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The collaboration between The Pineapple Thief’s Bruce Soord and Katatonia’s vocalist Jonas Renkse is an intriguing one. It brings together two relatively unlikely bedfellows, one from the world of English prog rock, the other from a Swedish dark metal band. That said, the response from almost all quarters to the project known as Wisdom Of Crowds has been positive thus far. Keen to find out more, I find myself sitting opposite the duo in question, in a booth in one of the side rooms at the Highbury Garage in London ahead of their debut live show as part of the Kscope fifth anniversary celebrations.

“Wisdom Of Crowds was born about four years ago”, begins an affable and very talkative Bruce, “from a guy called Johnny (Wilks) who works at the label (Kscope) as the marketing director. We were talking about gear and studios and things like that. He told me he has some ideas and asked if I’d listen. He sent me these basic rough ideas with him singing and he asked me whether I’d be interested in producing it or at least doing something with the music. I took these ideas, stripped them down to nothing and then had some fun. There were no aspirations at that time and no-one thought it would be released. But over the years, it got a life of its own. The thing was that it never had any vocals; it was only guide vocals, so it never got finished. But that’s how it finally all came together when Jonas came on board.”

According to the press material though, the Katatonia singer had always been in mind for the project and many of the tracks had been written especially for Jonas Renkse.

“That’s probably a little bit of Kscope spin doctoring”, Bruce laughs with honesty. “I remember though that when I first joined Kscope, I nicked a copy of “The Great Cold Distance”. When I heard that, maybe in 2007, I emailed Jonas and told him how much I loved it. Jonas was always the number one but I never thought it would ever be possible, knowing how busy Jonas is with Katatonia.”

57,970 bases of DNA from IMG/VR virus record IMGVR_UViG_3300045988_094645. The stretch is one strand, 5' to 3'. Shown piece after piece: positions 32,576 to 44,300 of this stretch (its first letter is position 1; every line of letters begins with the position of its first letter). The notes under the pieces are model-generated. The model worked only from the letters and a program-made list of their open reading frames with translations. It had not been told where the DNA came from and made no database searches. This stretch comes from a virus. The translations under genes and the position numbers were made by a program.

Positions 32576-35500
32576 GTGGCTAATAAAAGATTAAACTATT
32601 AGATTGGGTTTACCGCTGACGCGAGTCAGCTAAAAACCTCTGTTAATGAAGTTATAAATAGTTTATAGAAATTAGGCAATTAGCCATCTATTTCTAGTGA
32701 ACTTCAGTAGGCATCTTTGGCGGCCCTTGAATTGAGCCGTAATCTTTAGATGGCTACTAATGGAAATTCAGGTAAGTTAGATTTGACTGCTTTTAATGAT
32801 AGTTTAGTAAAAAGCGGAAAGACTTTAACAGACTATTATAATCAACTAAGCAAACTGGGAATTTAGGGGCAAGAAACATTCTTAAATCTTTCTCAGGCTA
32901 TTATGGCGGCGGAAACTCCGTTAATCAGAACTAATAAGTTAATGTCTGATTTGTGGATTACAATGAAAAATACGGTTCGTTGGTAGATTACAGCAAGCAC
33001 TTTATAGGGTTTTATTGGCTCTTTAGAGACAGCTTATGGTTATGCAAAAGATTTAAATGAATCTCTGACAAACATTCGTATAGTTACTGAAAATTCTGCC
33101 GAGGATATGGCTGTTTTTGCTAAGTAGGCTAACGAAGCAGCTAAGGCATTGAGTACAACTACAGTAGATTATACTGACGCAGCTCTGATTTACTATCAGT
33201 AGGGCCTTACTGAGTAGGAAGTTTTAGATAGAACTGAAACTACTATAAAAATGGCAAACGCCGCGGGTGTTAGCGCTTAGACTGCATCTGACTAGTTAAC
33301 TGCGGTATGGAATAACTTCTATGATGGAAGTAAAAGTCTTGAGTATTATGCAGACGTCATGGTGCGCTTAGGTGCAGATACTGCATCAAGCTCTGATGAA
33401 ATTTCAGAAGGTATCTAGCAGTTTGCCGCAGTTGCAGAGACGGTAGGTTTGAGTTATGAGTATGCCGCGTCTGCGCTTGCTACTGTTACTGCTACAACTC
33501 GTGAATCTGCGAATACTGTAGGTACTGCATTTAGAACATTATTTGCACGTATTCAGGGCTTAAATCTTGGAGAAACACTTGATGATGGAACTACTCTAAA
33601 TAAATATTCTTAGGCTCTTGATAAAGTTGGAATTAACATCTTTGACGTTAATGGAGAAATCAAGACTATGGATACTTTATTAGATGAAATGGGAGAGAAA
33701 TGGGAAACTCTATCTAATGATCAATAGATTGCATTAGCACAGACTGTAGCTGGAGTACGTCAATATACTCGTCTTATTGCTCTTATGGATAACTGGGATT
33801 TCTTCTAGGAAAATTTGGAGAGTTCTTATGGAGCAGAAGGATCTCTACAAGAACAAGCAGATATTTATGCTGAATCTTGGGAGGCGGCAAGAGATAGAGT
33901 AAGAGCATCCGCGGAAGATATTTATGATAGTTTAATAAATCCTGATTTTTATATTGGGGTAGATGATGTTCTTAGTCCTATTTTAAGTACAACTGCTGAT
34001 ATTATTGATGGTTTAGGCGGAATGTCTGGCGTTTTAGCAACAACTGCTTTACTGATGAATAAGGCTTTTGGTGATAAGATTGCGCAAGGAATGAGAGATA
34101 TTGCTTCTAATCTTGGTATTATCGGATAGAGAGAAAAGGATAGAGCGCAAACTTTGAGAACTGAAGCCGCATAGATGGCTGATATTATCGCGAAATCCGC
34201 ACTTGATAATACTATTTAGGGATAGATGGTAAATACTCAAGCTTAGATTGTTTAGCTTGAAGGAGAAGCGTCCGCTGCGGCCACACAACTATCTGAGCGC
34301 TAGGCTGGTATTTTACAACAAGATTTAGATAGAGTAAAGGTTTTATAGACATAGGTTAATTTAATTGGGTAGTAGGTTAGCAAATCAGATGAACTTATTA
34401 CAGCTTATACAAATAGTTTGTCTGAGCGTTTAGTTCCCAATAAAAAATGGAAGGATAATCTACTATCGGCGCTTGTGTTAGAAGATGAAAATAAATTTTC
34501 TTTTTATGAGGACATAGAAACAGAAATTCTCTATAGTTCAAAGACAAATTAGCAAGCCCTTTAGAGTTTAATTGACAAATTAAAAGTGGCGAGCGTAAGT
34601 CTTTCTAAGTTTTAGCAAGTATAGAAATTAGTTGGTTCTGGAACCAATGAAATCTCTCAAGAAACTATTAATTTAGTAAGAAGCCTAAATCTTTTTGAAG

And yet here we are, proof if ever proof was needed that if you wish hard enough, magical things can happen. And, if that wasn’t enough, Jonas seems to have fit like a glove.

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“I don’t know how you felt after the session”, Bruce asks of Jonas as he looks to his musical partner, “but I felt that it was so easy…”

“Yeah, I felt that as well”, Jonas agrees immediately and about as emphatically as he is able to in his laid back style. “I was a bit worried before because I really liked the music and I wasn’t sure if it would work out or if I would be good enough for it. But when we started recording, it all fell into place. Everything was so smooth and easy.”

‘Not good enough’, I mutter shaking my head. Jonas is blessed with one of the most iconic voices in metal and still he battles an undercurrent of minimal self-belief. Bruce rolls his eyes at me before smiling warmly, clearly agreeing with my slightly feigned incredulity.

“It would have been a long week though”, he offers, “if it had been like ‘take 65’ or whatever. But it was nailed within a couple of takes and we ran off a couple more just in case.”

Given his apparent concerns over his own abilities, I enquire of Jonas as to whether he had to think long and hard before agreeing to get involved with Wisdom Of Crowds.

“It was pretty much an instant yes”, is the thoughtful and quiet reply, “because I knew Bruce’s music from before and when I heard the songs I thought they were really good, really interesting.”

“I know he’s sitting here and everything, but I was really lucky”, Bruce interjects. “Katatonia had just come off a big American tour (with Devin Townsend and Paradise Lost) and were back working on the “Dethroned & Uncrowned” album. We just managed to find a week where Jonas could jump on a plane, so we were lucky and it was good timing. Also, there was no pressure in producing the album, it was always very chilled out and I think that’s why it came together so nicely. Our mind set was more like ‘ok, let’s just give this a go’.”